Supporters of the Home Computer Initiative tax break will tonight stage a last ditch attempt to save those computer suppliers that depended on the scheme.
But The Register has learned that neither the Treasury, which scrapped the scheme, and the Department for Trade and Industry, which ran it, has any intention of resuscitating it.
Nevertheless, business backers in Parliament will also be seeking answers to questions about the decision during the second reading of the Finance Bill tonight, as it left hundreds of computer sellers high and dry without warning.
The demise of the scheme has reportedly sealed the fate of two HCI specialist resellers already, the latest reported in Computer Reseller News today, amid growing fears that many more could go belly up now the government subsidy has been cut.
There were 100 firms registered as members of the HCI Alliance, a trade association. About fifty of those were totally dependent on the tax break to sell computers.
Yet HCI was scrapped by a Treasury decision taken at the last possible moment before the budget last month. There was no consultation and no warning that would have helped suppliers look for alternative sources of income.
One HCI supplier, Bizapp, had spent half a million pounds developing software to help other firms sell computers with HCI tax-breaks. Rob Howes, Bizapp managing director, said he may have to face putting it into administration.
"That was my money I put in, earned and paid tax on," said Howes, whose last business selling software to City traders dried up after 9/11.
Over 100 MPs have been lobbied to back the firms that face bankruptcy after HCI's demise. One thing they want to know is what communication took place between the DTI and Treasury before HCI was scrapped.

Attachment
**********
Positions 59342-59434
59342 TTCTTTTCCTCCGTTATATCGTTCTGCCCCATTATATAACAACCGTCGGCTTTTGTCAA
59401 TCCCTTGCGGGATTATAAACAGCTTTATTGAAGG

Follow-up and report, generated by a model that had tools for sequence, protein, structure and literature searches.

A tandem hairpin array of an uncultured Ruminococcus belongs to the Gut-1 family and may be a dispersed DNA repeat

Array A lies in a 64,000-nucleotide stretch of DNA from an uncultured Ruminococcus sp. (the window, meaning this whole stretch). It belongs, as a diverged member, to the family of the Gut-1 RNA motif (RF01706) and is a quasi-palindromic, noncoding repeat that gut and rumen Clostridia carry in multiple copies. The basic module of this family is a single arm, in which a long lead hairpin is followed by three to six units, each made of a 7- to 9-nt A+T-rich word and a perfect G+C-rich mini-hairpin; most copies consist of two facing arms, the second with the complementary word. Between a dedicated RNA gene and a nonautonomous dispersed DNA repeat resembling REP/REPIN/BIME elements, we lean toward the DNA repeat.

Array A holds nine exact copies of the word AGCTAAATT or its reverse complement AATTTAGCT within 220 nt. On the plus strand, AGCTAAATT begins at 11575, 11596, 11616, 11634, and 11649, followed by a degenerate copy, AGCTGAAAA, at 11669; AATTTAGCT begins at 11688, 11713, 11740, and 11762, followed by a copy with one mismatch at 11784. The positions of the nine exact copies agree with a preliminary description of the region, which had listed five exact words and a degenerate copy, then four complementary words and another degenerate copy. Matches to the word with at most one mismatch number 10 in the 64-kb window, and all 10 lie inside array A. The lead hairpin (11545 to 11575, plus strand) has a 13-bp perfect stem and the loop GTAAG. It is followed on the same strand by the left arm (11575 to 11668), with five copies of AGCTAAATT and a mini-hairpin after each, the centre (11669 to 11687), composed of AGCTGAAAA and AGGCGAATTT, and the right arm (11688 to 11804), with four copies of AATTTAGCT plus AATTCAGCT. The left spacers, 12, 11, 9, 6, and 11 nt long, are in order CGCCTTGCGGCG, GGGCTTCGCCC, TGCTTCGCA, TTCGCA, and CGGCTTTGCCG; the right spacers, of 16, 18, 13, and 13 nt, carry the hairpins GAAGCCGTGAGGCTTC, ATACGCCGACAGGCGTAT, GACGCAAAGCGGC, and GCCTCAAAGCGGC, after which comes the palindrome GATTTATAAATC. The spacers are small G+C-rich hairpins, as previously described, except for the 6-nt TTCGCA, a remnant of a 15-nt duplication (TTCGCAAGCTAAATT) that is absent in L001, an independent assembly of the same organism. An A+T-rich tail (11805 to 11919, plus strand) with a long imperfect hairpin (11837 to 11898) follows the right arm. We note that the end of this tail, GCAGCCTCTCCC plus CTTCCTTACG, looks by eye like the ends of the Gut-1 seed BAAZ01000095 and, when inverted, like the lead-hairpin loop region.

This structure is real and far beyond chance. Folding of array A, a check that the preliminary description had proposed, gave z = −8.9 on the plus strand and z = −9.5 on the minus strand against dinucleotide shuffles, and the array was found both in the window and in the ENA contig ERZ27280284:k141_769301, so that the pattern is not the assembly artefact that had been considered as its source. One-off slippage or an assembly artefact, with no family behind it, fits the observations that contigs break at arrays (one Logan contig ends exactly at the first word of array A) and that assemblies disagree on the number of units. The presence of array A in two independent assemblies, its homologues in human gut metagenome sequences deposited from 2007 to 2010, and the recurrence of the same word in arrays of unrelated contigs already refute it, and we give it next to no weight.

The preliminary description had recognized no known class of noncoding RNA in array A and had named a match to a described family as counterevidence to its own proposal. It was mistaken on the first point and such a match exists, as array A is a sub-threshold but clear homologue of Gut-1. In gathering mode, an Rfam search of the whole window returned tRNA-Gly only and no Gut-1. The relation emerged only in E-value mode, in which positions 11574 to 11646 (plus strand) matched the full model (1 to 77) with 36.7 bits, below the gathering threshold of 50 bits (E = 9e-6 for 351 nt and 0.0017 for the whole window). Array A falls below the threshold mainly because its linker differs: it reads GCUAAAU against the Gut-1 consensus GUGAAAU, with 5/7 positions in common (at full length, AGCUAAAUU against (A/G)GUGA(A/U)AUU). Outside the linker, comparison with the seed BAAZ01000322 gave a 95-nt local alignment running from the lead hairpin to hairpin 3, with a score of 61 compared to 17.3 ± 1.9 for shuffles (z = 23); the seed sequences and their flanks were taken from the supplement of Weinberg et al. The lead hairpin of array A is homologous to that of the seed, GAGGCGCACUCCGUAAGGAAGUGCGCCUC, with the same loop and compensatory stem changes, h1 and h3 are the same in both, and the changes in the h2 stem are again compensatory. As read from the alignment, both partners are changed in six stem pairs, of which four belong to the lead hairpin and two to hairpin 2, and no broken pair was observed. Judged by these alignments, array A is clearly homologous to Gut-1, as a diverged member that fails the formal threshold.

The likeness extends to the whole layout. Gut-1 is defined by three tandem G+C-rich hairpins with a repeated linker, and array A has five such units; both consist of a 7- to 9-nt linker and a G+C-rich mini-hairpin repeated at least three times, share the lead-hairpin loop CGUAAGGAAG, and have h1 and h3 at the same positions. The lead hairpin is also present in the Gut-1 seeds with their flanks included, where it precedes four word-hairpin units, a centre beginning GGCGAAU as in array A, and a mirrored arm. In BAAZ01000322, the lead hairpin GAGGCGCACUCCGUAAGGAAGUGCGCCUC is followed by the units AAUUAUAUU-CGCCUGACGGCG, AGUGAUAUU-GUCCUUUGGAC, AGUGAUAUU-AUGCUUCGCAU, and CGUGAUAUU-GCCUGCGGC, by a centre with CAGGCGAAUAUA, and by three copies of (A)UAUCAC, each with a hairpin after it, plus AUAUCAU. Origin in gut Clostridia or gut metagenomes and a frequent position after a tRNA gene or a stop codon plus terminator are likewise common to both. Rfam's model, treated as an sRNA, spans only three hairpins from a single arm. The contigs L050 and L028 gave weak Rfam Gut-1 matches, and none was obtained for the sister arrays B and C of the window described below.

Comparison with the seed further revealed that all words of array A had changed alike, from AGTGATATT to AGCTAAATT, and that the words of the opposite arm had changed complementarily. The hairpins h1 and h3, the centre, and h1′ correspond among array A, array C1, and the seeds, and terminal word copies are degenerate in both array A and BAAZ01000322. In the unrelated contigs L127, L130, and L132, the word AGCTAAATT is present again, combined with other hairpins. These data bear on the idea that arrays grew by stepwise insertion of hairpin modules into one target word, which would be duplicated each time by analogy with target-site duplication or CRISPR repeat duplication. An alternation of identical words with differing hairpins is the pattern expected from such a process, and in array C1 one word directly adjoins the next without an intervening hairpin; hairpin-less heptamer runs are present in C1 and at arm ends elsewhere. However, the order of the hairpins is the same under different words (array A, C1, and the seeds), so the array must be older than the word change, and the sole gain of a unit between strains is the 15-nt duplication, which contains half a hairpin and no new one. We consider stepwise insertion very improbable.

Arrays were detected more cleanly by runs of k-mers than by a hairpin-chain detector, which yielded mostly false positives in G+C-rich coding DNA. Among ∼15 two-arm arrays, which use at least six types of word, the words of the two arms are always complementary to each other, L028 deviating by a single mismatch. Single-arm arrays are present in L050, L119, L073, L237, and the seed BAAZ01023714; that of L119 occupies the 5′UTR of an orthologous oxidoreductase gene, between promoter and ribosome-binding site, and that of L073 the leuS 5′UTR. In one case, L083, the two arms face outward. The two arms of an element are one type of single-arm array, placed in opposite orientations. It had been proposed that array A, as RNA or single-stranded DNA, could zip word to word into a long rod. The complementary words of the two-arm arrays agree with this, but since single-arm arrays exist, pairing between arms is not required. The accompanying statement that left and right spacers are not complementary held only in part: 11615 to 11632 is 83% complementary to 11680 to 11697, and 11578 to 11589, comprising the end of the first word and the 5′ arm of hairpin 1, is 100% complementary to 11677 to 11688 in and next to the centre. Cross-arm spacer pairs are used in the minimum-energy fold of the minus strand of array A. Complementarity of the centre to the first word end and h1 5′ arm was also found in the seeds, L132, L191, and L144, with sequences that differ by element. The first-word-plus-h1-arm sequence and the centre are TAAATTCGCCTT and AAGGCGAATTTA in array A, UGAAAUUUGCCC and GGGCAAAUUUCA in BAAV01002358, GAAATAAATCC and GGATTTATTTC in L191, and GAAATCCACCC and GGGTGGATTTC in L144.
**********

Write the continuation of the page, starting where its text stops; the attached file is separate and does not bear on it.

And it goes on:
The DTI was rumoured to have known nothing of the Treasury's decision to cut the tax break. Yet a DTI source told The Register that there had been high-level agreement; only civil service soldiers knew nothing.
An attempt by the Confederation of Business and Industry to persuade the Treasury to keep the tax break in place is unlikely to be given any credence. They have no agenda to promote the interests of the poor, said a source close to the scheme.
Indeed the DTI was told by the Treasury that there would "categorically" be no revival of HCI or its tax break.
Both departments are instead consulting with industry to find an alternative way to get computers into the homes of people who do not usually have access to them at work - the elderly, those on the minimum wage and the unemployed.
Although some low paid workers were benefiting from HCI, those on the minimum wage and those without salaries with the 1,250 participating employers were excluded by laws that protect their income from unscrupulous employers. A Low Pay Commission report released just days before the budget report that announced that HCI would be scrapped suggested there might be better ways to help the poor get computers.
HCI suppliers and representatives of the poor and those stuck on the wrong side of the digital divide will be meeting with the DTI next month to discuss alternatives.®